Chattanooga Now Chattanooga Theatre Centre welcomes 'Odd Couples' - Jan. 24-Feb. 16

Chattanooga Now Chattanooga Theatre Centre welcomes 'Odd Couples' - Jan. 24-Feb. 16

January 23rd, 2014 by Clint Cooper in Chattanooga Now - Art

The Chattanooga Theatre Centre will offer both male and female versions of "The Odd Couple," with Carlene Conway, seated left, and Zach DeSutter, seated right, playing the messy leads Olive and Oscar, respectively, and Katlyn Gabor, standing left, and Sanford Knox Jr. portraying the neatnik leads Florence and Felix, respectively.

Photo by Contributed Photo /Times Free Press.


* What: "The Odd Couple."

* When: Women's cast - 8 p.m. Jan. 24, Jan. 31, Feb. 8 and Feb. 15; 2:30 p.m. Feb. 2; 7 p.m. Feb. 6 and Feb. 13. Men's cast - 8 p.m. Jan. 25, Feb. 1, Feb. 7 and Feb. 14; 7 p.m. Jan. 30; 2:30 p.m. Feb. 9 and Feb. 16.

* Where: Mildred M. Montague Circle Stage, Chattanooga Theatre Centre, 400 River St.

* Admission: $30 opening night; $12.50-$25 other performances.

* Phone: 423-267-8534.

* Website:


The Chattanooga Theatre Centre will offer additional programming with several performances of "The Odd Couple."

* Friday, Jan. 24: Opening-night gala at 7 p.m. (women's cast); 8 p.m. curtain.

* Thursday, Jan. 30: Real-time captioning (men's cast); 7 p.m. curtain.

* Friday, Jan. 31: Talk-back session with the director and cast members following show (women's cast); 8 p.m. curtain.

* Friday, Feb. 14: Girls Night Out (men's cast); 8 p.m. curtain.

You know them - the neurotic, fastidious one and the self-centered, sloppy one - or at least people like them. Indeed, their names - Felix and Oscar - have become almost synonymous with their characteristics.

Playwright Neil Simon drew them so perfectly nearly five decades ago that one believes apartment roommates always will be one neatnik and one slacker.

The Chattanooga Theatre Centre, in continuing an homage to its 90th anniversary, will offer both the male and female versions of Simon's "The Odd Couple" on its Mildred M. Montague Circle Stage beginning on Friday, Jan. 24.

"It's timeless," director Beth Gumnick says of Simon's work about the separated husband (or wife) who reluctantly moves in with his (or her) friend, despite their differences. "It's still really funny. None of the humor is dated."

There will be seven performances of each show.

"It's been logistically challenging, two shows at once, but also interesting," Gumnick says. "You have to make really careful use of people's time, but you have twice as many rehearsals to get in.

"It's been a little nerve-wracking," she says. "It gets a little confused sometimes because there are so many similarities, but both stand alone very well."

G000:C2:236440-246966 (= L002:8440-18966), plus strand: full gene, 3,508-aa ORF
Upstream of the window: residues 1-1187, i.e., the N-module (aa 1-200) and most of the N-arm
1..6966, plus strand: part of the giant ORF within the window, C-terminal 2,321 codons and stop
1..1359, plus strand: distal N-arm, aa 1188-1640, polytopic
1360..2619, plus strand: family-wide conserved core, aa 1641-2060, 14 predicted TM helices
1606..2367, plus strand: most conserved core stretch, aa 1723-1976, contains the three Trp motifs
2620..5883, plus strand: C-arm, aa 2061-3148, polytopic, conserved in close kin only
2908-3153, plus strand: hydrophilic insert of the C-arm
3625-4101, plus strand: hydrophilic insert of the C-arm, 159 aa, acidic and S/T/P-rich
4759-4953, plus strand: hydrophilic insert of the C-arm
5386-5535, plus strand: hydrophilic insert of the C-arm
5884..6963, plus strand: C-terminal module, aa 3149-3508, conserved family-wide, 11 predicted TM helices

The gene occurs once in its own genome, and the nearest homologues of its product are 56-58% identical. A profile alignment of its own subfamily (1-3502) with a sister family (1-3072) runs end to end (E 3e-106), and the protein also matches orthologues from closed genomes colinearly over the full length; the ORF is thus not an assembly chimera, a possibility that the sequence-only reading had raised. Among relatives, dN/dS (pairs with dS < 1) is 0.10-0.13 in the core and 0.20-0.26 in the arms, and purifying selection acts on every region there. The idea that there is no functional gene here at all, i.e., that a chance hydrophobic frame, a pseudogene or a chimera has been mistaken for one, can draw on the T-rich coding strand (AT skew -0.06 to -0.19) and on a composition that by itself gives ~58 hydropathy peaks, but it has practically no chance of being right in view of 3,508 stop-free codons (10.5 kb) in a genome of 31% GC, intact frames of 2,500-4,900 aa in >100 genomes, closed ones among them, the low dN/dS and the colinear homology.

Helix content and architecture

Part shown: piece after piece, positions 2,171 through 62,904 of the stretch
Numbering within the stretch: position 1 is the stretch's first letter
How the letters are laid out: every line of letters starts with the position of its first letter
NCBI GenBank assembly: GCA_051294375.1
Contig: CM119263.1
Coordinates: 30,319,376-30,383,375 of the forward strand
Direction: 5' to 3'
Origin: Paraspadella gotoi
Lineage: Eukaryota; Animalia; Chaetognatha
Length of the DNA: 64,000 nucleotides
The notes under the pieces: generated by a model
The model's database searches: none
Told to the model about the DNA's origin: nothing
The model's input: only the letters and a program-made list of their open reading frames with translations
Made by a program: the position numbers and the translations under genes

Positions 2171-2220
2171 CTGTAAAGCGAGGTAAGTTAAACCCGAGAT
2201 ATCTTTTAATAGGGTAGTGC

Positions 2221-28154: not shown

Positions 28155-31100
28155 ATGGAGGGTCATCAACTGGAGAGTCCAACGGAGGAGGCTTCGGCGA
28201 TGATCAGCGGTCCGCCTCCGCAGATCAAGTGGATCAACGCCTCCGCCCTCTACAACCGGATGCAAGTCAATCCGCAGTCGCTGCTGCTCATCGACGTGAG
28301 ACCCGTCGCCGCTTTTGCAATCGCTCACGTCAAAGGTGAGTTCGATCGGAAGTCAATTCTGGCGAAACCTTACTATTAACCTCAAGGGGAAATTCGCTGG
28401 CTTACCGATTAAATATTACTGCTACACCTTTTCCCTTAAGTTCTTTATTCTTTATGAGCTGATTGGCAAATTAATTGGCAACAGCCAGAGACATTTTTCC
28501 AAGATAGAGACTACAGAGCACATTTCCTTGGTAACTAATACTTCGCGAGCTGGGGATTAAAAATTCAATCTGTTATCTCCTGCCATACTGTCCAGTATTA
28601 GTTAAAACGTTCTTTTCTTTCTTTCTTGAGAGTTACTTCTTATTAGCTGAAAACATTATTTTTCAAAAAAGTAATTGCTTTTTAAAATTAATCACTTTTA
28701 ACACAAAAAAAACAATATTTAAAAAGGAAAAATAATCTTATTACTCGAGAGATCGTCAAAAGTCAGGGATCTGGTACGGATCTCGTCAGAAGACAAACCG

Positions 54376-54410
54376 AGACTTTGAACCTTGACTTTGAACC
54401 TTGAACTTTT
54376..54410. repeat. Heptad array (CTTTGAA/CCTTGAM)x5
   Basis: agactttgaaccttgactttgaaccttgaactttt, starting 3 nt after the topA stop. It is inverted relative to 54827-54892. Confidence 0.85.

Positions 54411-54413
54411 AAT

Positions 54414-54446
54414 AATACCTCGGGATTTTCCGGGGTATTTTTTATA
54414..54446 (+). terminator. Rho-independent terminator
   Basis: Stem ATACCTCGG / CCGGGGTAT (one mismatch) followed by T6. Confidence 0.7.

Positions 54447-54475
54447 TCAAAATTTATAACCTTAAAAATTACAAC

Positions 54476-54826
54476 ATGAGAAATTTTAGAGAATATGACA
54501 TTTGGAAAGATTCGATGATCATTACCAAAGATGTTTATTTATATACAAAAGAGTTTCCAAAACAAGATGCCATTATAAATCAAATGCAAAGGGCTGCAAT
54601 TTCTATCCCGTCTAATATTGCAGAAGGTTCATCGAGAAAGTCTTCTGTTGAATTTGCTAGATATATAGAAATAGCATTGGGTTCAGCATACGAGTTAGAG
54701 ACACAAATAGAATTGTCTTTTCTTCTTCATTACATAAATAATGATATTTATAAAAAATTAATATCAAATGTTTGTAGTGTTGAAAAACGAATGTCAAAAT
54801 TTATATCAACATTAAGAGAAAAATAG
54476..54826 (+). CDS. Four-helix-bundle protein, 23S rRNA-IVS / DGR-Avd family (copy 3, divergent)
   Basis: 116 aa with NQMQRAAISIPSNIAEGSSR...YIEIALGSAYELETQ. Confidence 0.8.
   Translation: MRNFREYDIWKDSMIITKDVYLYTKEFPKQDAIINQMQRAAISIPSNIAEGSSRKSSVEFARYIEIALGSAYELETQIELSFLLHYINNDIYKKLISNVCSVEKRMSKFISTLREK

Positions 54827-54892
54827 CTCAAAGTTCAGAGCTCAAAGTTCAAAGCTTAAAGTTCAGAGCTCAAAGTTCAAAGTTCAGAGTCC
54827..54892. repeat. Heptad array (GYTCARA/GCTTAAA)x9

Gumnick says it's been workable in part because of the help of stage manager Kendra Anthony, who has supplied lights, sound and props, plus redressed the set for the next rehearsal and closed the building, all while being the mom of two.

"There is no way we could have made this happen without her talent and dedication," she says. "She has put in more hours than anybody else. She has been a rock star, a total pro, an incredible help to me."

Gumnick also says her leads - Carlene Conway as the unkempt Olive and Katlyn Gabor as the tidy Florence, and Zach DeSutter as Oscar and Sanford Knox Jr. as Felix - have done more than learn their lines.

"These guys and girls," she says, "are such go-getters. They're so excited to work, and they love the work. They love rehearsing, finding the stuff [of their characters], taking the time to play with their roles. They work really well together."

Indeed, three of the four, Gabor, DeSutter and Knox, do double duty, taking supporting roles in the opposite-sex production. Conway, though, was unable to appear in the male version of the show.

"They're really strong," Gumnick says of each twosome. "They're great foils off each other. Their partnerships work very, very well. They have that good sense of interplay between characters."

The original "Odd Couple" debuted on Broadway in 1965, so the CTC male version is set in the 1960s. Simon wrote the women's script in the 1980s, so the production is set then.

Audience members, says Gumnick, would be well served to see both shows.

"There are different things to love about each of the shows," she says. "They're structured the same, they have many of the same jokes, but they don't play the same exactly. Obviously, there's a different dynamic between men and women. But if you see one and like it, then you'll like the other one."

"The Odd Couple" was previously performed at the CTC in 1987 and, like this year, was done with both male and female casts.

Contact staff writer Clint Cooper at or 423-757-6497. Subscribe to his posts online at